I colorized the original black and white images.
Poland, 1999. A 26-year-old man killed his father by multiple puncture wounds to the chest and neck using a sharpened screwdriver. He lured his father into the cellar and, before inflicting the fatal strokes, he tried in vain to electrocute him using a stun gun. After this, he hung his father by the legs in a cellar window and decapitated him using a surgical scalpel and shovel. Additionally, he made deep incisions across the popliteal fosse to bleed the corpse and collected the blood from the cervical stump vessels in a bucket. He then took the separated head and neck upstairs to his room and scalped it through the whole night.
Afterward, he threw the head into the garden. Next, using a thread he sutured together the soft tissues of the head, additionally trying to repair them with a prosthetic plastic mass. He then dried the scalp using salt, thus preventing putrefaction. Subsequently, he placed this scalp–mask over his head, previously shaved and layered with stick tape. He put on his father’s clothes, hat, glasses, and scarf and left home to sit on a bench.
When his grandfather came by, he started a conversation with him pretending to be the father. The grandfather did not recognize him and was sure that he was talking with his son. After a while they even had breakfast together. Finally, the grandfather, surprised by the unnatural voice of his “son” and suspicious of his interlocutor, went into the cellar where he found the body and departed for a neighbor’s house to call the police.
The grandson, finding that the crime had come to light, left home, taking garments his father wore on the day of his death and found a hiding place nearby. He observed the scene and the investigation carried out by the police. He then sat on a bus stop bench, where he was later arrested.
The crime scene investigation revealed the corpse to be dressed only in underwear and hung fastened by the legs to the window frame with the upper limbs spread out on the floor as if crucified. The scalp of the head, neck, and upper chest, a sharpened screwdriver, and a shovel were found on the floor. In the first floor room, a needle and thread, surgical scalpel, prosthetic mass, and some small pieces of the scalp were found.
The head was separated from the neck at the level of the third cervical vertebra. The head was deprived of soft tissue; the eyeballs were in the orbits. The margins of the scalp fitted against the incisions of the skin on the upper part of the chest and neck. The scalp was dissected and sutured together along the facial and cranial vault midline. Along some length of the suture, the dissected margins were fastened together with dried prosthetic mass.
On the neck and the anterior part of the chest, multiple (approximately 15) puncture wounds, 0.3–0.4 mm wide, were seen, corresponding in shape and size to the screwdriver used in inflicting the injuries. The cause of death was exsanguination from wounds to the heart and lungs. Neither alcohol nor any toxicologic agents were detected in the blood of the deceased.
The perpetrator, who readily admitted his guilt, was an immigrant of Polish descent from one of the Russian republics. He had lived in Poland for some years, first alone as a student and later with his father and grandfather. His mother and sister were still in the old country. He studied medicine for 1 year, then psychology for 3 years, and finally dropped out. Subsequently, he was unemployed and was into sports training and reading. He hated his father and considered his attitude and life immoral.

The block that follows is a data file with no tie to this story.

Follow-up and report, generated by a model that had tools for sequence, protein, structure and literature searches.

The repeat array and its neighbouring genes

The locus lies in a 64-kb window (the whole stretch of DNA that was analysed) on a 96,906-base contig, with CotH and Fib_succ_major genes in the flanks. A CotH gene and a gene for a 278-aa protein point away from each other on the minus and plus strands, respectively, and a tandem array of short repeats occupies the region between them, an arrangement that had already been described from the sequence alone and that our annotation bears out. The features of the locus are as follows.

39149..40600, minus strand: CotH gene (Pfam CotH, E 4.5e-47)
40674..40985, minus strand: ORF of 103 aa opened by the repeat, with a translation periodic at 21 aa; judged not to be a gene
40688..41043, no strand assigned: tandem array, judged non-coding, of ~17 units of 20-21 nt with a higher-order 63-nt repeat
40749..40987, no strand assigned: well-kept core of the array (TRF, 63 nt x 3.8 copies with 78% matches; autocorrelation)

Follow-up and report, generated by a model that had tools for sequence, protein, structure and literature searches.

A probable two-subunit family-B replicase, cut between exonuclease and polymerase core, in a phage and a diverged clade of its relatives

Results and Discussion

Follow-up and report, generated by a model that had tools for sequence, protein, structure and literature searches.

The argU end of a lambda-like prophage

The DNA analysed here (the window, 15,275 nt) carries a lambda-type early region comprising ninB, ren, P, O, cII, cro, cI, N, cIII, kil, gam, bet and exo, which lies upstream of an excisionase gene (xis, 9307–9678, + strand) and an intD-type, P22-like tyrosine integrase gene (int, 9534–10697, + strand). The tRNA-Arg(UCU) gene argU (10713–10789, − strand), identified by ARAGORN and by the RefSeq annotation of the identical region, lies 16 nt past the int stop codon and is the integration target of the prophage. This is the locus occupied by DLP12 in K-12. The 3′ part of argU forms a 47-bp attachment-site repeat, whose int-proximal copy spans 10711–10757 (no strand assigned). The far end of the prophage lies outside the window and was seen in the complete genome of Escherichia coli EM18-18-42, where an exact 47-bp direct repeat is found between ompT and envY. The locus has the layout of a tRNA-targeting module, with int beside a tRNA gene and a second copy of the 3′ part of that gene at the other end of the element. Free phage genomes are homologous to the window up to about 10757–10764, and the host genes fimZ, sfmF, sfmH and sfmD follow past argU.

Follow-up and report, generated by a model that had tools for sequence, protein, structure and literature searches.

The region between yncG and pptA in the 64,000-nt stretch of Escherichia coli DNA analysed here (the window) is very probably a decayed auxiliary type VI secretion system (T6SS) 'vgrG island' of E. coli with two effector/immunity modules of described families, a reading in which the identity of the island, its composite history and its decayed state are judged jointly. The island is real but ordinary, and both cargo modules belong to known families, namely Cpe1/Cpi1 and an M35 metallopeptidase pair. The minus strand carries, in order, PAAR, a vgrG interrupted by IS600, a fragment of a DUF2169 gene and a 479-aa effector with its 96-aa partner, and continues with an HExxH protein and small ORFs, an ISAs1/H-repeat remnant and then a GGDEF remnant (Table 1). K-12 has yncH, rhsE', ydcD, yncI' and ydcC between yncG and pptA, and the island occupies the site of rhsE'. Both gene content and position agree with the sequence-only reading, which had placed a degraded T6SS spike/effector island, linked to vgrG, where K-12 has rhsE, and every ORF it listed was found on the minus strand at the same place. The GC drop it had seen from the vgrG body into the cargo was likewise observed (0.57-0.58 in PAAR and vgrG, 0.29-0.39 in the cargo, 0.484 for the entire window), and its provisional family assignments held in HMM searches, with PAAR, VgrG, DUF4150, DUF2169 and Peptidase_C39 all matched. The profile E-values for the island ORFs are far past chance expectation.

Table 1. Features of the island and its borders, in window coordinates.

According to the son, the father settled in Poland after fleeing from family revenge due to the fact that in the old country he had seduced a woman, 30 years his junior and a daughter of his own friend. The father left the boy’s mother and sister penniless and despite the fact that he himself was quite wealthy, he took no interest in their welfare and offered no assistance. In the young man, these facts caused intense aggression and hatred toward his father, which culminated in a decision to murder him.
The perpetrator testified that he planned the details of the murder and mutilation and prepared the tools in a cellar. The murder was to be “a work of art, illustrating extreme human meanness” and “an act with no holds barred.” The example for such a crime was set by the killer from the movie Seven, who “sacrificed himself,” punishing people for their sins and then confessing to the police. Wearing the scalp–mask on his own head was a kind of game the killer played with the grandfather to see whether he could be recognized.
Hanging the decapitated body in the position with the lower limbs up was to symbolize crucifixion on “an upturned cross” because “the head of this kind of scoundrel should not hang even on a devil’s cross.” He believed that “a man’s worth can be recognized in his values rather than on his face,” and so the scalping of his father, “a man who never recognized any values” was to symbolize his “lack of face.” Throwing the scalped head into the garden, where it rested among the weeds was, in his thinking, “throwing away the weed” and “freeing the body from the presence of the head” (through decapitation) was to symbolize the punishment, since “the head was guilty of everything.”
According to psychiatrists, the killer was diagnosed as having a “borderline” schizoid personality. Article 34.2 of the Polish Penal Code decrees that this sets considerable limitations on his capacity to understand the meaning of the offense and the ability to guide his behavior.